Of all the religious leaders who are openly defying state bans on large gatherings amid the coronavirus pandemic, arguably the most notorious is Tony Spell, pastor of Life Tabernacle Church in the town of Central, La.
Early on, Spell speculated that the virus was being overblown to embarrass President Donald Trump. He repeatedly ignored an order from Gov. John Bel Edwards (D) curbing mass gatherings, going so far as to bus people in from the surrounding area for services.
Even after a member of his congregation died of the virus and one of his attorneys got sick, Spell would not reverse course. Last month, Spell was arrested after he was accused of trying to run down a protestor with a bus. He was given bail and told to stay at home, but he refused and continued to preach. Authorities slapped an ankle monitor on him and put him under house arrest.
Spell also filed a lawsuit challenging Edwards’ order and enlisted former Alabama Supreme Court Chief Justice Roy Moore to advise him. That gambit failed Friday night, when a federal court issued a ruling denying Spell’s request for a temporary emergency order giving him the right to hold in-person services.
“The Court finds that there is a substantial relationship between the occupancy limitations in the Governor’s orders and the current severe public health crisis,” wrote U.S. District Judge Brian Jackson. “Such restrictions are directly intended to limit the contact-based spread of COVID-19. Additionally, [the governor’s order] is not a complete ban on Plaintiffs’ rights as alleged by Plaintiffs. Under the terms of the order, Plaintiffs have been free to hold outdoor services with as many congregants as they would like and nothing in the orders proscribes, inhibits or regulates the content of their religious speech. Plaintiffs have always been free to fully exercise their rights to assembly, although for smaller numbers of congregants.” (Americans United’s Legal Department filed a friend-of-the-court brief in the Spell v. Edwards case.)
The next night, the 7th U.S. Circuit Court of Appeals denied a motion from several Illinois churches seeking to override the state’s temporary ban on large gatherings.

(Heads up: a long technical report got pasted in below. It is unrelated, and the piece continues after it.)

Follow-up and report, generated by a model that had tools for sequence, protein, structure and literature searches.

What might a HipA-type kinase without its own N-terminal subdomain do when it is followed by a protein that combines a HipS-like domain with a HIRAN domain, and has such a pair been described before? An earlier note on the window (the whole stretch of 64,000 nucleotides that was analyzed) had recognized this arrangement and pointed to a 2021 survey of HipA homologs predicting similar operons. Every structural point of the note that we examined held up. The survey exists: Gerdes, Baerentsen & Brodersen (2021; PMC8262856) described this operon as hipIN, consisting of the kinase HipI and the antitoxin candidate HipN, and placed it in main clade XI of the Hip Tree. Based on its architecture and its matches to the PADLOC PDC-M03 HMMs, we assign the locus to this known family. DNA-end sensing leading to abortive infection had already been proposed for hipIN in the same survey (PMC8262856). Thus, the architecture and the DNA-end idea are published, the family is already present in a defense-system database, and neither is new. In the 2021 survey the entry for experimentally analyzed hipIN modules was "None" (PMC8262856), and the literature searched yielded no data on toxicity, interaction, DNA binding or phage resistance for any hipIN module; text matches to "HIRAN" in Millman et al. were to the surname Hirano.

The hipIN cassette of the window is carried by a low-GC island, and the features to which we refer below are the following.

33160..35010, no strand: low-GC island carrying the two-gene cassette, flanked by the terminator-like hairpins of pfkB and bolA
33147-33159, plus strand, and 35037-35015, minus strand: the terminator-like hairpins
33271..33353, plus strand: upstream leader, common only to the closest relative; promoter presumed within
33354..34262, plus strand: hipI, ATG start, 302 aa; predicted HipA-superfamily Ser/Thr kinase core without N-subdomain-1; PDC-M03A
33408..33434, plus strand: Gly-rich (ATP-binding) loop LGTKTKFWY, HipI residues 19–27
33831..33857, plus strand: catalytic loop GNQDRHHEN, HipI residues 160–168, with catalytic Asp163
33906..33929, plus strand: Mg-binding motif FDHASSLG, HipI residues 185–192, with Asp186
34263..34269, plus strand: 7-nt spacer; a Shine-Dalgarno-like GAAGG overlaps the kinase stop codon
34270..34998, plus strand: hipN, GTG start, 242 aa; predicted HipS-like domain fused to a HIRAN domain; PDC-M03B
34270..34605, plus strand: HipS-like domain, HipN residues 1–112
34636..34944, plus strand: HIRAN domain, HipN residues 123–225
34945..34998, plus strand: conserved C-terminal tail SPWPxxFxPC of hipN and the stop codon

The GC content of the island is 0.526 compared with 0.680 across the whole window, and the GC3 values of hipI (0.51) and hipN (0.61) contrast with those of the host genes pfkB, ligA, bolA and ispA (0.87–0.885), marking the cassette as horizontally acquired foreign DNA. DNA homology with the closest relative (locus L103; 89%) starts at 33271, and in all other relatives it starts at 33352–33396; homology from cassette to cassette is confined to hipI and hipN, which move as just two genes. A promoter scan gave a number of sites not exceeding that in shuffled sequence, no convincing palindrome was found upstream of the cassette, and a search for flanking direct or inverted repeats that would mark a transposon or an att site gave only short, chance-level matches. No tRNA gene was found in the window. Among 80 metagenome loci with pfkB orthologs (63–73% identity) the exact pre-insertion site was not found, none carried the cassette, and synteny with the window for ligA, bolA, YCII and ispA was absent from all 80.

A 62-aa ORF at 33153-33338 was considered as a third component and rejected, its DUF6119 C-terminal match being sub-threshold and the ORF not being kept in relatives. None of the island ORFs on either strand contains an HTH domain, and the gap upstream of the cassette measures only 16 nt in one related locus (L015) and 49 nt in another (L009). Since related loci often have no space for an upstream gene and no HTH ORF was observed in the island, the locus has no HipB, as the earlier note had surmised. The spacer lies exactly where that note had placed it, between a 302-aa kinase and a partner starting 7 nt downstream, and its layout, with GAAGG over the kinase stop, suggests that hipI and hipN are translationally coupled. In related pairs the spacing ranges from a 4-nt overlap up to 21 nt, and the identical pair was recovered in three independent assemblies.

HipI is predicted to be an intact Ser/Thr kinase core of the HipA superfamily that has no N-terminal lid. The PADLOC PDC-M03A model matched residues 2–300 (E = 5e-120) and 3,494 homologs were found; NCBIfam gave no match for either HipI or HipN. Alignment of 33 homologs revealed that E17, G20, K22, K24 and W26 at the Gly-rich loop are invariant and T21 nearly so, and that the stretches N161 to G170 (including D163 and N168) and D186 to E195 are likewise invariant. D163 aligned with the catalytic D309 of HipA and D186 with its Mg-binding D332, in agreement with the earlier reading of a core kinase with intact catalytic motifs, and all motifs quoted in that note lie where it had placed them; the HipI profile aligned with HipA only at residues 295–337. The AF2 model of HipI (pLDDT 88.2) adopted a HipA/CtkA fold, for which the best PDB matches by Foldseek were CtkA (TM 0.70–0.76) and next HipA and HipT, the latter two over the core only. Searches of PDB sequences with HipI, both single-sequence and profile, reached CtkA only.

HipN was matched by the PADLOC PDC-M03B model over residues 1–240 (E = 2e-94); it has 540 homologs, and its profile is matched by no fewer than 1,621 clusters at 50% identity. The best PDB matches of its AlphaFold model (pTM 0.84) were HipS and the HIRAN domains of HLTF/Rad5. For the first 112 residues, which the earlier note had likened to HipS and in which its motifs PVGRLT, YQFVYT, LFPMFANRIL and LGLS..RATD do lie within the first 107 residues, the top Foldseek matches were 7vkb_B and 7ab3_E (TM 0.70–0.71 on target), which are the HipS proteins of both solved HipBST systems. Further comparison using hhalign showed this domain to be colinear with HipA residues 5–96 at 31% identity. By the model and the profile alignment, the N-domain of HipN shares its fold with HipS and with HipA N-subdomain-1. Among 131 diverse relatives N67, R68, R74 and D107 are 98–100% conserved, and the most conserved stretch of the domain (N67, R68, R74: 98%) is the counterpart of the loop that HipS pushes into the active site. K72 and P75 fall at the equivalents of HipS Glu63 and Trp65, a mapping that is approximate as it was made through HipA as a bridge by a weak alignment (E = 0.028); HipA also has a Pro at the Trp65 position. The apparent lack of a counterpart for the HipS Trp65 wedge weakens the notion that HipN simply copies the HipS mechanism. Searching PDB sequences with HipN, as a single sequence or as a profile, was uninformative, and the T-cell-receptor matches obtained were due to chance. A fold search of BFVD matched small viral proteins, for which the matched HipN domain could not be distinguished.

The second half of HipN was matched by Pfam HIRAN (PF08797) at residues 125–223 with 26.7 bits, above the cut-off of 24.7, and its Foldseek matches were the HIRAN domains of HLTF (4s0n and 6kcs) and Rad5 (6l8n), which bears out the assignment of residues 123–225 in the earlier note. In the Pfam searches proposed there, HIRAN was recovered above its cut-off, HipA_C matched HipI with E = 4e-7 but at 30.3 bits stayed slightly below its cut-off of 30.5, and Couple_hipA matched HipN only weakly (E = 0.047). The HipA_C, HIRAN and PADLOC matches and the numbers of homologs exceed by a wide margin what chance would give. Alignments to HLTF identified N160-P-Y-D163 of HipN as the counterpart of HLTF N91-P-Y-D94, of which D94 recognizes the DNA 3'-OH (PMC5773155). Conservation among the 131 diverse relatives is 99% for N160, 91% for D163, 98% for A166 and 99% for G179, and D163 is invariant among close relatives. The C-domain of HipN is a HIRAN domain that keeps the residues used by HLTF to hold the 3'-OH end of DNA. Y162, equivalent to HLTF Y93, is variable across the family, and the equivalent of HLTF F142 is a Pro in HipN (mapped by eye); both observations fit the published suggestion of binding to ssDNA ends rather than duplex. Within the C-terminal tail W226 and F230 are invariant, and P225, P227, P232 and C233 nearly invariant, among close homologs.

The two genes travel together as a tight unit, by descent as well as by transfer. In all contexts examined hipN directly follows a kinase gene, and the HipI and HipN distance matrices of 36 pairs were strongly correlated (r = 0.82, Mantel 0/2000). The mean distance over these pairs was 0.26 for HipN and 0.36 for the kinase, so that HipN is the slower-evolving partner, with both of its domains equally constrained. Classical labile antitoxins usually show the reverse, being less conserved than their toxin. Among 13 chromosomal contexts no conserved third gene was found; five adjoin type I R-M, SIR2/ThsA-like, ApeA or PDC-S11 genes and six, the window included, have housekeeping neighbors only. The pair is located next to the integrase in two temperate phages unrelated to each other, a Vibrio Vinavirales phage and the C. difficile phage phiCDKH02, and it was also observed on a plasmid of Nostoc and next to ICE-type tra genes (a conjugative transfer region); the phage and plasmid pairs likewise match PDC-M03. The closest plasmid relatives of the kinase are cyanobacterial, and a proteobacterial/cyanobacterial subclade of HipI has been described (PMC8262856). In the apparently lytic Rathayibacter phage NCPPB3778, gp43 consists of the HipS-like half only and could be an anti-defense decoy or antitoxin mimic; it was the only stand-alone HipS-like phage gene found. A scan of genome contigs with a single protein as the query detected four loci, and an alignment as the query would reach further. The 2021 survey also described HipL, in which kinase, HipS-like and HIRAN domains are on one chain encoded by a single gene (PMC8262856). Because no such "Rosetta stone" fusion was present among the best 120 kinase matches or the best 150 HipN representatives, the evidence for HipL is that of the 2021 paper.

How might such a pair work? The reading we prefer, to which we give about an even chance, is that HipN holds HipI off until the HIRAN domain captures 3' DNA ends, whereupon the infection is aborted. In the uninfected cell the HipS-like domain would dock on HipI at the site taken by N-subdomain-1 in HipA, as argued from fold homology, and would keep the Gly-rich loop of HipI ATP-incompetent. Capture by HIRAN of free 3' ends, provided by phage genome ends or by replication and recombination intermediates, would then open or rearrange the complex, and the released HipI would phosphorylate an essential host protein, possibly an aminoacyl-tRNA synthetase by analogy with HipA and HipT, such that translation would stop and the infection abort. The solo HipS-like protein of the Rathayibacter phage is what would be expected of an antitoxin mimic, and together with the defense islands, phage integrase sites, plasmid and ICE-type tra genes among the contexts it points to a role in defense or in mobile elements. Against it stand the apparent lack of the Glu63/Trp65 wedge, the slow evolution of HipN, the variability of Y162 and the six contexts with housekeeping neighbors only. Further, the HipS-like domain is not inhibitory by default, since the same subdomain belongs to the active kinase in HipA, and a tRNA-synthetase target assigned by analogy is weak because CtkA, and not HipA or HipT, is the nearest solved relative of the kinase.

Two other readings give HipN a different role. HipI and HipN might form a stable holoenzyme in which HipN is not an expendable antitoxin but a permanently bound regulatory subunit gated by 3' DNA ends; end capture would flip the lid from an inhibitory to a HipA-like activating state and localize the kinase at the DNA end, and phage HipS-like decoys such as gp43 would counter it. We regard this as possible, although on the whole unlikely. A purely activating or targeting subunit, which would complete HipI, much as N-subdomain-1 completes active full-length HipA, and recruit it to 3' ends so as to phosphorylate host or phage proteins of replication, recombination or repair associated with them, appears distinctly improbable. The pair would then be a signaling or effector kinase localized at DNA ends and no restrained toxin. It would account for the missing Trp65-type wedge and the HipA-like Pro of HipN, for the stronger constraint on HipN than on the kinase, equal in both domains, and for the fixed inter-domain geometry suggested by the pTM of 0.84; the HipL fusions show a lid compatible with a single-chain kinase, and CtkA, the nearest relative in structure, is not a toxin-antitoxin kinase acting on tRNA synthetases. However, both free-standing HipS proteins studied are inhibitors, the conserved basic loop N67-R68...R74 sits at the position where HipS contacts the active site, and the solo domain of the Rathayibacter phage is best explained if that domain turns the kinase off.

“The Executive Order,” observed the unanimous three-judge panel, “does not discriminate against religious activities, nor does it show hostility toward religion.”
The court added that the order’s “temporary numerical restrictions on public gatherings apply not only to worship services but also to the most comparable types of secular gatherings, such as concerts, lectures, theatrical performances, or choir practices, in which groups of people gather together for extended periods, especially where speech and singing feature prominently and raise risks of transmitting the COVID-19 virus.”
Notably, one of the judges on the panel was Frank H. Easterbrook, a noted conservative jurist. (AU’s Legal Department filed a brief in this case, Elim Romanian Pentecostal Church v. Pritzker, as well.)
While there are some exceptions, most courts are taking the reasonable route and upholding neutral bans on large gatherings, religious and secular, during this difficult time. Most religious leaders are also doing the right thing and moving services online. Hold-outs like Spell are putting their communities at risk. Call that what you will, but it’s not religious freedom.
Remember, Americans United has been working overtime to educate courts, legislators and the public about why granting houses of worship special treatment during the pandemic is not only dangerous but unconstitutional. Your support will help us continue those important efforts.
Photo: Video of service at Life Tabernacle Church. Screenshot from WAFB-TV, Baton Rouge